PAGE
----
There was a crucial fracture in French politics between supporters of a strong centralized state and the supporters of the Roman Catholic Church. At least after Napoleon, the succeeding governments and constitutions of France had uncertain legitimacy with large segments of the population. The Church’s burgeoning religious orders seemed particularly threatening to the State. Some owned newspapers or publishing enterprises; most were involved in various sorts of social service, including health and education.

    Aside from cultural factors, the way the French economy developed favoured recruitment into religious orders, in particular those composed of women. Technical improvements in agriculture led to ever declining employment in the countryside. The instability of French society led to much of the available capital being invested abroad, and so to slower industrialisation than some of France’s neighbours.

    Both working-class men and women faced declines in wages and increases in the cost of urban housing. There continued to be high rates of fertility, and rates of illegitimacy increased substantially. A life as part of a religious community could present an attractive alternative to a difficult marriage market or a meager single life.

    A strict concept of the patrimony, and thus of legal personality, played a key role in the State’s efforts to slow growth of the religious institutions. A central legal site for this struggle was property holding, donations, and the transmission of property at death. Public order governed heirship and the question of what entities could receive property by gift. State authorised religious congregations and establishments were subject to detailed central control, in particular with respect to their acquisition and disposition of property.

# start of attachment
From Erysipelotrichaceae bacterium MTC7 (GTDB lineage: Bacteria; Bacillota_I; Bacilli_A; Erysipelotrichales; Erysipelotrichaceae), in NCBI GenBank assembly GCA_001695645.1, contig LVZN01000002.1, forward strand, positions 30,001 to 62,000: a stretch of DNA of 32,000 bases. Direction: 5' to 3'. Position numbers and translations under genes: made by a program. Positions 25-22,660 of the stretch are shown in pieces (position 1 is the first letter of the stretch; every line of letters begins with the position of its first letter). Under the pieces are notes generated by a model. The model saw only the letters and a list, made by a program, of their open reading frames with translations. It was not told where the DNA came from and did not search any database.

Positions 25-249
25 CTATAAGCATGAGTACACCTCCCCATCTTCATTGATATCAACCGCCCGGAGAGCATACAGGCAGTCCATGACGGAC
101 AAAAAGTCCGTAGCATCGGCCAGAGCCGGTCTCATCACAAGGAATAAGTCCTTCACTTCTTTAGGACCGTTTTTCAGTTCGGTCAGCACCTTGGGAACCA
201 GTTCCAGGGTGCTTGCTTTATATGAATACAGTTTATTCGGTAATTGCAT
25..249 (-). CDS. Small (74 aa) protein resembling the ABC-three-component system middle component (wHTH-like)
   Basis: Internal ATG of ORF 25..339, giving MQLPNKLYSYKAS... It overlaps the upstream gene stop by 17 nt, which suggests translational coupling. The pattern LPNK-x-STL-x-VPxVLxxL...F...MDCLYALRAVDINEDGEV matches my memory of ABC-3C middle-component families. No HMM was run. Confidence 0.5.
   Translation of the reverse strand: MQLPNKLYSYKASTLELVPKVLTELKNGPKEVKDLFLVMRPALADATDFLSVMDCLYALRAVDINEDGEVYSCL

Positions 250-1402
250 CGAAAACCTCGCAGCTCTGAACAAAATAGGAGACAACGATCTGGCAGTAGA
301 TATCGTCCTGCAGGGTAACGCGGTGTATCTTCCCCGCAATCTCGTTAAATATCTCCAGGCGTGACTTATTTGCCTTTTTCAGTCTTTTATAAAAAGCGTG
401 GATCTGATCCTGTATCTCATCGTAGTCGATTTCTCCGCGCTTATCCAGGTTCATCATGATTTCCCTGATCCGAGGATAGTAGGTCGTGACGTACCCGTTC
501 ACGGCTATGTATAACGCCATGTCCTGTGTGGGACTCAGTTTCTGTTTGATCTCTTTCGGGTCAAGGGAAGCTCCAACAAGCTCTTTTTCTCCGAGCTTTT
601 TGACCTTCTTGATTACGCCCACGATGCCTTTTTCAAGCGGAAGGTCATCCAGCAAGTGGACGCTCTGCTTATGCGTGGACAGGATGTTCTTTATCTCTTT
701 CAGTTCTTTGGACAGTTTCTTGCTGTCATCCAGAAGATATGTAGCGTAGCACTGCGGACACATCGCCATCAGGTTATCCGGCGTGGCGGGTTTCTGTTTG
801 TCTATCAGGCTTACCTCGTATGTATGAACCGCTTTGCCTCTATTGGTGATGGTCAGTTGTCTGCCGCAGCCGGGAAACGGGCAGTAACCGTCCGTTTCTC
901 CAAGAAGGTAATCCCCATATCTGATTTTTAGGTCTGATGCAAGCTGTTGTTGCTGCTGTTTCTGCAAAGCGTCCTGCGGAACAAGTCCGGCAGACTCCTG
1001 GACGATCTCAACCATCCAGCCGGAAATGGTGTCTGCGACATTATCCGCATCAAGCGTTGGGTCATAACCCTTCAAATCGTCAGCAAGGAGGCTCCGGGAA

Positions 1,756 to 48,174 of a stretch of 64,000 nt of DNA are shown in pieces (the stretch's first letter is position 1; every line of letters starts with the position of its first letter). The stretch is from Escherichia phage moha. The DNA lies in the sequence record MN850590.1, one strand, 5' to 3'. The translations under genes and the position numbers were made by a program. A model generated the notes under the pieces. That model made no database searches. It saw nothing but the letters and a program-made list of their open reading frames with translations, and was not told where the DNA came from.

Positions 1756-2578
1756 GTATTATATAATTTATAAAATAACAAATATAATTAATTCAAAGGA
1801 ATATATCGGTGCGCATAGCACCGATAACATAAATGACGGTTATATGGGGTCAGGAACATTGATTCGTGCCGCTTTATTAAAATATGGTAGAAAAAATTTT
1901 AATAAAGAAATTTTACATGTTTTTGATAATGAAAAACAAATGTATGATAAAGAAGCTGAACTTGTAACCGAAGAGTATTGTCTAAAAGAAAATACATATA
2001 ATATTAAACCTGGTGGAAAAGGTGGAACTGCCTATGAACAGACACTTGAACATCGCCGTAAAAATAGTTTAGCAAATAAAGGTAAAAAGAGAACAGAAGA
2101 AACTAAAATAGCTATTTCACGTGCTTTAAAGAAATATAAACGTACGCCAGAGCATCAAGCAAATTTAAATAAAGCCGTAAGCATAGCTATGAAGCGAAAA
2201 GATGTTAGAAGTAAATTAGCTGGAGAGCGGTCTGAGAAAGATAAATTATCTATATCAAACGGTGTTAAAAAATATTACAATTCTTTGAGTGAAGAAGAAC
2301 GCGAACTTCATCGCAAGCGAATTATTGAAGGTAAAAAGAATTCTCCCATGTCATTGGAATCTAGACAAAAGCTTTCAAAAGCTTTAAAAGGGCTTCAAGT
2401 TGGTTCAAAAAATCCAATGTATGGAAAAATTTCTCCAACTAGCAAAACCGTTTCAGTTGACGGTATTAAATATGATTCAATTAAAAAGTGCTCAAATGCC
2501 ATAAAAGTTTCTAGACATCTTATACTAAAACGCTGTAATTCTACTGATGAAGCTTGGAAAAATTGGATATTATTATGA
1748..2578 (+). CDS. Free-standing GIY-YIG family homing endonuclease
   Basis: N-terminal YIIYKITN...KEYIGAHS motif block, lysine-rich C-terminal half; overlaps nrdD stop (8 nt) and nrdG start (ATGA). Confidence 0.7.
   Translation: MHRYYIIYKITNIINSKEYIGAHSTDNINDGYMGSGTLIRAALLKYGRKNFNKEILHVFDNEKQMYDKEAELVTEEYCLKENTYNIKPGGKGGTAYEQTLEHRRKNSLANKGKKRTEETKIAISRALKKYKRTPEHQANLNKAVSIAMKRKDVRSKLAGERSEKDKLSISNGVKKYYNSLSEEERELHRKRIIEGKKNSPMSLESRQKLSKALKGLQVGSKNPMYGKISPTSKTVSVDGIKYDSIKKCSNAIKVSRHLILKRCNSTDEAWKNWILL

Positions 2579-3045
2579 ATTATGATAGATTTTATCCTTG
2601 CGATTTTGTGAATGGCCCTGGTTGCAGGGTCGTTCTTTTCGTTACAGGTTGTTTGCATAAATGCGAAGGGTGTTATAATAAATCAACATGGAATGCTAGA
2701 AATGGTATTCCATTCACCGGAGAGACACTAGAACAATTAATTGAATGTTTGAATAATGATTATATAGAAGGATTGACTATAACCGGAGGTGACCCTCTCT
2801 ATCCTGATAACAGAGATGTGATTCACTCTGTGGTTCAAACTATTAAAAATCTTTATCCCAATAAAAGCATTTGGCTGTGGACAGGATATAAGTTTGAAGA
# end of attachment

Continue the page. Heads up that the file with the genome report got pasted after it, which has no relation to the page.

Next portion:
The establishments of unauthorised congregations were given begrudging recognition as factual entities (so long as they were composed of less than twenty people), but the courts stood ready to strike down gratuitous transmissions of property to them. For example, the courts would characterise as a fidéicommis tacite a will that sought to leave property to a number of religious sisters as individuals, if the facts showed that the sisters were in reality persons interposed (the legacy was in reality meant to benefit the congregation or establishment).

    A Marxist would also wonder whether it was a coincidence that C.S. Zacharie wrote the initial text which served as a base for the fathers of the classic conception of the patrimony, Aubry and Rau. Zacharie traced his family back to Huguenot Protestants who fled persecution in France at the end of the 17th century. He was in the service of a German state where the issue of the property of Roman Catholic establishments, and in particular the dividing-up of the land-holdings of monastic communities, was a sharp political issue for the first half of the 19th century.

Edmund Coates